Under ERISA, insurers/claim administrators are required to give every insurance claim a full and fair review. Courts in the Ninth Circuit have construed this requirement in a manner that requires insurers/claim administrators to do more than simply have an in-house physician or nurse conduct a paper review of medical records. This trend continues with the decision in Galloway, et. al. v. Lincoln National Life Insurance Company, 2011 U.S. Dist. LEXIS 45866 (W.D. Wash. April 28, 2011).
From 2000 to 2008, Galloway worked as a machinist for Turbine Engine Components Technologies Corporation (“TECT”). On January 1, 2002, Lincoln National issued a group life insurance policy to TECT and on October 14, 2004, Galloway, a TECT employee at the time, enrolled in the policy. The policy contains a provision ensuring continued coverage, without payment of premiums, if a participant becomes totally disabled.
In January 2008, Galloway stopped working at TECT due to Achilles tendonitis. In July 2008, Galloway requested that Lincoln National grant him a waiver from paying premiums on his life insurance policy due to his total disability.
Lincoln National investigated Galloway’s claim of total disability relying on primarily the medical reports provided by Galloway’s podiatrist. Lincoln National did not request additional information regarding the restrictions Galloway reported on his Rehabilitation Survey, nor did it ask Galloway when the self-reported restrictions began, which would have been necessary information for it to determine whether he satisfied the relevant elimination period. The only additional information Lincoln National requested from Galloway, before denying his claim, was an Educational Assessment. The record indicated, however, that Lincoln National intended to deny his claim even before sending him the Educational Assessment form.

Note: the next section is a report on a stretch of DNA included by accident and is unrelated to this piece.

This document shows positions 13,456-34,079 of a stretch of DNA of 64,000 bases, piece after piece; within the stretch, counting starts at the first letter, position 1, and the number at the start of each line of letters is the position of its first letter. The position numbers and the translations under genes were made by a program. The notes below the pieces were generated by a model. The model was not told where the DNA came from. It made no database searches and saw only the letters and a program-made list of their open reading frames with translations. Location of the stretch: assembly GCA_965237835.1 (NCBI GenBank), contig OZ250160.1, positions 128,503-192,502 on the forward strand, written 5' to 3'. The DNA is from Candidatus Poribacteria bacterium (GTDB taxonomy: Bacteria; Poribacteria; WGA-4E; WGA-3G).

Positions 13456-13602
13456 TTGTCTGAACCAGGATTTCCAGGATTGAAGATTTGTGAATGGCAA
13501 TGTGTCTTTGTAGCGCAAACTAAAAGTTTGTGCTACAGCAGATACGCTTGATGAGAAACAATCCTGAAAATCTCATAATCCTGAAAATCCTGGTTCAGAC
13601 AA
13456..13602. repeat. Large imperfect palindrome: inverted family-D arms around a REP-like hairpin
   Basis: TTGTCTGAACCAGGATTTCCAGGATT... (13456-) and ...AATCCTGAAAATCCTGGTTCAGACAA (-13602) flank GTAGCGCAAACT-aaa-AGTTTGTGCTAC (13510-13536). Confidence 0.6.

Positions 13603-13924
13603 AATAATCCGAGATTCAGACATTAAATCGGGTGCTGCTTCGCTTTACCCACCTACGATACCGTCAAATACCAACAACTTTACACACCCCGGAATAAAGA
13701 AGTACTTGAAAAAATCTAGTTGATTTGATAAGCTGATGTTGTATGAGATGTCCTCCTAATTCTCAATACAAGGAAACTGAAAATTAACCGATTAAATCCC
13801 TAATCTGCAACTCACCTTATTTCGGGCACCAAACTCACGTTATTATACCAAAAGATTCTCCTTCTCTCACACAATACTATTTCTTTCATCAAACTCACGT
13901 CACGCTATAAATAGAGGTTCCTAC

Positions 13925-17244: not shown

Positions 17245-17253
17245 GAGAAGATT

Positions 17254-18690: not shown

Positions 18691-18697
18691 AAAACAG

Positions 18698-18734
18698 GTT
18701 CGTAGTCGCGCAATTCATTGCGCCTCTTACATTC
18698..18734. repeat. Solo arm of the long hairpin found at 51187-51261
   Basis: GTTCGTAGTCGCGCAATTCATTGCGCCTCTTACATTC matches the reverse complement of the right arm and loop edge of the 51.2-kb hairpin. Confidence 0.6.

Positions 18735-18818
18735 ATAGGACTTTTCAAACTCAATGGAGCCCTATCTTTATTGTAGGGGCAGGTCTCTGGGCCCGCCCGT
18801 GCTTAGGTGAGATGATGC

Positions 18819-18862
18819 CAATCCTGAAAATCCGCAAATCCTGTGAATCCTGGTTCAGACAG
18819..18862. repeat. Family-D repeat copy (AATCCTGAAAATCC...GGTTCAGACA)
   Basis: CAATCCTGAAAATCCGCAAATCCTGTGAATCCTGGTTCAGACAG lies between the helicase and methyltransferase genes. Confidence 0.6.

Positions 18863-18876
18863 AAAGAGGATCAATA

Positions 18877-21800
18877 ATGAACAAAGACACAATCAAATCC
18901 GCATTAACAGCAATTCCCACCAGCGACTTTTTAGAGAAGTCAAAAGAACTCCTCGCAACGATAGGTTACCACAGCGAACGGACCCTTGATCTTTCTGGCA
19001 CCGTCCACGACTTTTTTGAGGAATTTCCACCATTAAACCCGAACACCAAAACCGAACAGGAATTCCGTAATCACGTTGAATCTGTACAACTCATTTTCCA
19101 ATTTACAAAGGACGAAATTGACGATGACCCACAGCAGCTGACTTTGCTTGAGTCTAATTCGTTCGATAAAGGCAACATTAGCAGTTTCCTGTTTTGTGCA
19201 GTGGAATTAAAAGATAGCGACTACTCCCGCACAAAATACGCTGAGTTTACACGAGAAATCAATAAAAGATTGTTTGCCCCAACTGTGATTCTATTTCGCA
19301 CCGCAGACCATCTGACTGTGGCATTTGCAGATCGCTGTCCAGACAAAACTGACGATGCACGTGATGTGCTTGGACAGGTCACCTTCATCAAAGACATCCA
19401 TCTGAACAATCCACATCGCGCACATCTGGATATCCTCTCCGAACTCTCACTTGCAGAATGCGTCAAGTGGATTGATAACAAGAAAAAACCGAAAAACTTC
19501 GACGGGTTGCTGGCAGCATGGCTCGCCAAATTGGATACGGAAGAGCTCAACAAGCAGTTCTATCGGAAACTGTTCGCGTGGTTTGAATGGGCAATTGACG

After litigation ensued, the court granted the Estate’s motion to supplement the administrative record with the declaration of Dr. Robert T. Fraser, Ph.D., who was the Estate’s vocational assessment expert. In doing so, the court held that the Fraser declaration evidenced Lincoln National’s failure to conduct a proper vocational assessment of Galloway’s self-reported limitations. The court held that this failure prevented the full development of the administrative record, relying on Abatie v. Alta Health & Life Ins. Co., 458 F.3d 955, 973 (9th Cir. 2006).
The court decided to remand the matter back to Lincoln National so that the parties could conduct a “meaningful dialogue” about Galloway’s self-reported symptoms. Lincoln National once again conducted a cursory review of Galloway’s claim – primarily limited to asking an independent expert to review reports from his podiatrist – but made no attempt to secure additional information regarding Galloway’s reported restrictions and limitations. The limited nature of Lincoln National’s investigation did not prevent it from denying Galloway’s waiver of premium claim again after remand.
The court reviewed Lincoln National’s decision under the abuse of discretion standard of review and ruled that Lincoln National abused its discretion because it failed to conduct an adequate investigation into the basis for Galloway’s request for a premium waiver in large part because it failed to contact Galloway’s treating physician. Specifically, the court ruled: